How Was The Summer on Cape Cod? Tourism Official Weighs In

northcrossHYANNIS – As the Cape transitions from the hectic pace of July and August to the shoulder season, tourism officials say it was a good summer.

Cape Cod Chamber of Commerce CEO Wendy Northcross said the summer of 2015 was notable for beautiful weather.

“It’s been a very strong season,” she said.

The only complaint, she said, is that the weather was perhaps not hot enough to encourage last-minute day trips to the Cape.

Northcross said that the majority of hard numbers from the summer season come in early October with data from room taxes, bridge crossings, the Cape Cod National Seashore and data from chamber members.

From anecdotal data, though, Northcross said, “it’s been a pretty good year” for retail and “it’s been a phenomenal year” for restaurants.”

In the restaurant industry on Cape, “people were desperate to find enough workers, which is always a sign” of how the summer is going, she said.

Even using college students, international students on J1 visas and workers from other countries on H2B visas, there is still more demand for seasonal workers, Northcross said.

To address one of the main issues that creates a challenge in finding workers, the chamber is establishing a workforce development task force this month. The task force will bring forward a model bylaw to allow more accessory housing in Cape towns.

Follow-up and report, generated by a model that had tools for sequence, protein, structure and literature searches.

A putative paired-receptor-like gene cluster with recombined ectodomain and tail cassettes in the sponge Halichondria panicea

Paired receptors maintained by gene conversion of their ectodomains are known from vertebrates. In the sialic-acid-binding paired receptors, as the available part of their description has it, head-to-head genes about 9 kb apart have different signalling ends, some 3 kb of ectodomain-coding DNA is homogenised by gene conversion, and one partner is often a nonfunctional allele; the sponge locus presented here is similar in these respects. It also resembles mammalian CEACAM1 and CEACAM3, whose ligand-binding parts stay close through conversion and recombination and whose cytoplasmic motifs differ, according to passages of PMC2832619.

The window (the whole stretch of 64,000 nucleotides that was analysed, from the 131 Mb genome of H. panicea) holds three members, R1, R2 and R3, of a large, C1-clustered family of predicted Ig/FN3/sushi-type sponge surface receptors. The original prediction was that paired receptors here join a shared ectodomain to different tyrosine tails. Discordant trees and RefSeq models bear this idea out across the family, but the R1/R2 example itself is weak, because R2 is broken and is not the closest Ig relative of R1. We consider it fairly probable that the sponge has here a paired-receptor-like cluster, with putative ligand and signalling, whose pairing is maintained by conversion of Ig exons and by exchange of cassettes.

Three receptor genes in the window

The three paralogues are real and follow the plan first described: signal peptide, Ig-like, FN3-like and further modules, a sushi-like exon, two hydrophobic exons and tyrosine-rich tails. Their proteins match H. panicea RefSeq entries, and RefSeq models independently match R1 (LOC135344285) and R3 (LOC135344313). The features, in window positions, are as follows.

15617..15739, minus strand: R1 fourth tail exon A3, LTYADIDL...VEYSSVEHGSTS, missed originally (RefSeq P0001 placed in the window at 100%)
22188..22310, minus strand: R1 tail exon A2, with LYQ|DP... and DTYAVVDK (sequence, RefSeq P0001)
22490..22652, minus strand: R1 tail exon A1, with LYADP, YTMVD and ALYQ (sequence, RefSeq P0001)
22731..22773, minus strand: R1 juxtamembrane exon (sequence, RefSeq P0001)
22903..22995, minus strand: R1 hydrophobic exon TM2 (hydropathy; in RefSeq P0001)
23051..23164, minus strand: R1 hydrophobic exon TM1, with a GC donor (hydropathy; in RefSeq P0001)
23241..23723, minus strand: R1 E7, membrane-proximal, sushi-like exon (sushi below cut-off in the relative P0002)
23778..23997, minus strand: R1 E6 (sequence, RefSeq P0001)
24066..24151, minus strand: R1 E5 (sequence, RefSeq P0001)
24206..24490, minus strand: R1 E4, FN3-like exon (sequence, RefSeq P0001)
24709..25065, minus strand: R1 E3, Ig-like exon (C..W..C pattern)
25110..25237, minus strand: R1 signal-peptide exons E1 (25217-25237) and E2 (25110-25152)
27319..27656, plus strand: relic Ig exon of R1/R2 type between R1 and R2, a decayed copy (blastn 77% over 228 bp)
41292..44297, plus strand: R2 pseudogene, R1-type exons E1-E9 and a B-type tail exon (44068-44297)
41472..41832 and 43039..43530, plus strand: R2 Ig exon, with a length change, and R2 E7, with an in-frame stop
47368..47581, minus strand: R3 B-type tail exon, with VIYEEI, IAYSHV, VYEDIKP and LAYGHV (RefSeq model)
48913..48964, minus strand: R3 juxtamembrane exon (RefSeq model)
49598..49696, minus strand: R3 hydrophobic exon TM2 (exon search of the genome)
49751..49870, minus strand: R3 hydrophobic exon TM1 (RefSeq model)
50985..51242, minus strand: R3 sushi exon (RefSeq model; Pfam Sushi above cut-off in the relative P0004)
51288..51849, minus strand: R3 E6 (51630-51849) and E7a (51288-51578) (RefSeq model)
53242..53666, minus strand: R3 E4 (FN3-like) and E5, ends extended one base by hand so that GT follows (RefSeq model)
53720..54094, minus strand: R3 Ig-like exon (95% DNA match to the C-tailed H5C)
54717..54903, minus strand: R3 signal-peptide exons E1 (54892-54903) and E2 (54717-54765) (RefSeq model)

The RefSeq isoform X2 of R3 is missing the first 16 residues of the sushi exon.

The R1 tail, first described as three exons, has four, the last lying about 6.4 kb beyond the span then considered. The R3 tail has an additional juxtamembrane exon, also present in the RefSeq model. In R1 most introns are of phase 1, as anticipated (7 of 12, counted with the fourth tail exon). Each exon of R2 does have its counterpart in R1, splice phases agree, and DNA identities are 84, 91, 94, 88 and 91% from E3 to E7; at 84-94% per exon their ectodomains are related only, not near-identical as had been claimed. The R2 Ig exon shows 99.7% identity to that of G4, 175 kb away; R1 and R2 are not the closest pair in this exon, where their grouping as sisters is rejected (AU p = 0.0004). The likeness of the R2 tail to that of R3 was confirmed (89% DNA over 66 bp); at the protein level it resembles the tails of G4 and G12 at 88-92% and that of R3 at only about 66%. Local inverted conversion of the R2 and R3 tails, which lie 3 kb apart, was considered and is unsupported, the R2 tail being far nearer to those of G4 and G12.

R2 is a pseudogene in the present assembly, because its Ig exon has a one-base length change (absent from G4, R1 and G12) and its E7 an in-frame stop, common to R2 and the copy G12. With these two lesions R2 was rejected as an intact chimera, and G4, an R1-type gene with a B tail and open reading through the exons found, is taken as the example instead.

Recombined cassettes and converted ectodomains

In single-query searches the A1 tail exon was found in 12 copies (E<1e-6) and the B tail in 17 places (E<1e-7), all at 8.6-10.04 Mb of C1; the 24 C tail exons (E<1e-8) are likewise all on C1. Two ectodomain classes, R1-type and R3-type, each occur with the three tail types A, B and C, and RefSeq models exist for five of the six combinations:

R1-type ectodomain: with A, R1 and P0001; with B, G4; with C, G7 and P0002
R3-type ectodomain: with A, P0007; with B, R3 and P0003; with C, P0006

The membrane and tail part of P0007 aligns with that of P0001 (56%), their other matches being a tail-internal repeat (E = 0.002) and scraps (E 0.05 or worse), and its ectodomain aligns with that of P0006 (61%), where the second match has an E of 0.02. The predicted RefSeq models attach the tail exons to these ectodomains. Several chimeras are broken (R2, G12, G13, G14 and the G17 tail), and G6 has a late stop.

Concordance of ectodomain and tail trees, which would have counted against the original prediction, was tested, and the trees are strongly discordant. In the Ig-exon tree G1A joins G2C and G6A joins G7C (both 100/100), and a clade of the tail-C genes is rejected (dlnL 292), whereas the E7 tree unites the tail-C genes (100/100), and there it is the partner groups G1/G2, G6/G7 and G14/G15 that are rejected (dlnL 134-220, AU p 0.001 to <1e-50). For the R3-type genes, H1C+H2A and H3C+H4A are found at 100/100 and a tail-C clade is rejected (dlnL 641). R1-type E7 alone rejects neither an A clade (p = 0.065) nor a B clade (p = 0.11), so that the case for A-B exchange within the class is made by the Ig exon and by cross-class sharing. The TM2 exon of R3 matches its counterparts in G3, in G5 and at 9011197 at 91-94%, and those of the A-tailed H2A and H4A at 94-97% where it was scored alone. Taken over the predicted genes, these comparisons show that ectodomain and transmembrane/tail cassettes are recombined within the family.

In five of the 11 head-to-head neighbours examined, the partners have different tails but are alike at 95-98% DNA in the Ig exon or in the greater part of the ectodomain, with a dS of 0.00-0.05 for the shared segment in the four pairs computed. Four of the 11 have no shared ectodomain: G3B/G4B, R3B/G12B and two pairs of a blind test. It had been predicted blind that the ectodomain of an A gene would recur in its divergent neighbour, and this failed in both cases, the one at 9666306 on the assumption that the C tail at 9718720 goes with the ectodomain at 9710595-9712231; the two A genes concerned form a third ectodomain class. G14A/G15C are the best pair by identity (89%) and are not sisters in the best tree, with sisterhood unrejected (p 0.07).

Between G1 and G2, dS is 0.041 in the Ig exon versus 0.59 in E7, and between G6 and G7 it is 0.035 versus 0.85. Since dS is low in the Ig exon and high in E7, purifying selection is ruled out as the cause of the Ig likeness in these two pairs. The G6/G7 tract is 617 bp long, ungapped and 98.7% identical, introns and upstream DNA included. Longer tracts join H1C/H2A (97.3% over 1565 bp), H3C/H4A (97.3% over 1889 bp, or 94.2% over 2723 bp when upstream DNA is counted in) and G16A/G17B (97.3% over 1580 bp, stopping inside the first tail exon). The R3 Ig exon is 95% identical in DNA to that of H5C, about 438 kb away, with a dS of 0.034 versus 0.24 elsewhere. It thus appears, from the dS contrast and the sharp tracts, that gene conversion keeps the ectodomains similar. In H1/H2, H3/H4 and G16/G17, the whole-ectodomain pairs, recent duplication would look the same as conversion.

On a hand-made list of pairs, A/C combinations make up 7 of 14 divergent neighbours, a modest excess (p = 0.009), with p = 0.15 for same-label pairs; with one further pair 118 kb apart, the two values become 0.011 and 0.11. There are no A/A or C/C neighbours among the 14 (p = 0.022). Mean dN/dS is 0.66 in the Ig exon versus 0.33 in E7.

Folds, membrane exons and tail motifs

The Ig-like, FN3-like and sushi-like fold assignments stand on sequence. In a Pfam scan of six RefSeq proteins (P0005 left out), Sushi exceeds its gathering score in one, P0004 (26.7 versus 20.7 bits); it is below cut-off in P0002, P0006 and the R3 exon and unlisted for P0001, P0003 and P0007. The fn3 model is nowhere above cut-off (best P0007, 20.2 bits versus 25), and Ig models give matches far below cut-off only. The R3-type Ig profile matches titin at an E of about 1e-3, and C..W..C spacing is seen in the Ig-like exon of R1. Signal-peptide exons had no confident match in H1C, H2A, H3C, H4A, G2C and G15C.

Northcross said lack of rental housing continues to be a major issue on the Cape.

“I think we’re at a tipping point. I think we have felt significant pain. We’re looking at census figures that show yet again more out-migration of young people,” she said.

The task force will bring the model bylaw to officials in some of the Cape’s larger towns as a way to help younger families stay on the Cape.

“We’re in a position now where we’ve got to make some changes,” she said. “It does not cost money. It’s political will.”

In the lodging industry, Northcross said that occupancy rates were strong this summer except mid-week stays. Northcross said the soft mid-week occupancy rates follow a national trend.

“We think that business that historically has stayed in hotels is renting homes,” she said.

The average length of stay at a hotel is under three days and the average stay in a rental home is five to seven days.

Northcross says the travel and tourism segment remains one of the strongest segments in the economy, number one in the world and number four in the United States.

And September, Northcross said, is the second best month for Cape businesses, so the chamber is continuing its advertising campaigns to bring people to the region for fall festivals and events.

The Cape Cod Has It campaign spreads the message, Northcross said, “that Cape Cod is nearby and we have a lot going on.”

“Columbus Day is the new Labor Day,” Northcross said.

To hear more from Cape Cod Chamber of Commerce CEO Wendy Northcross, click below.

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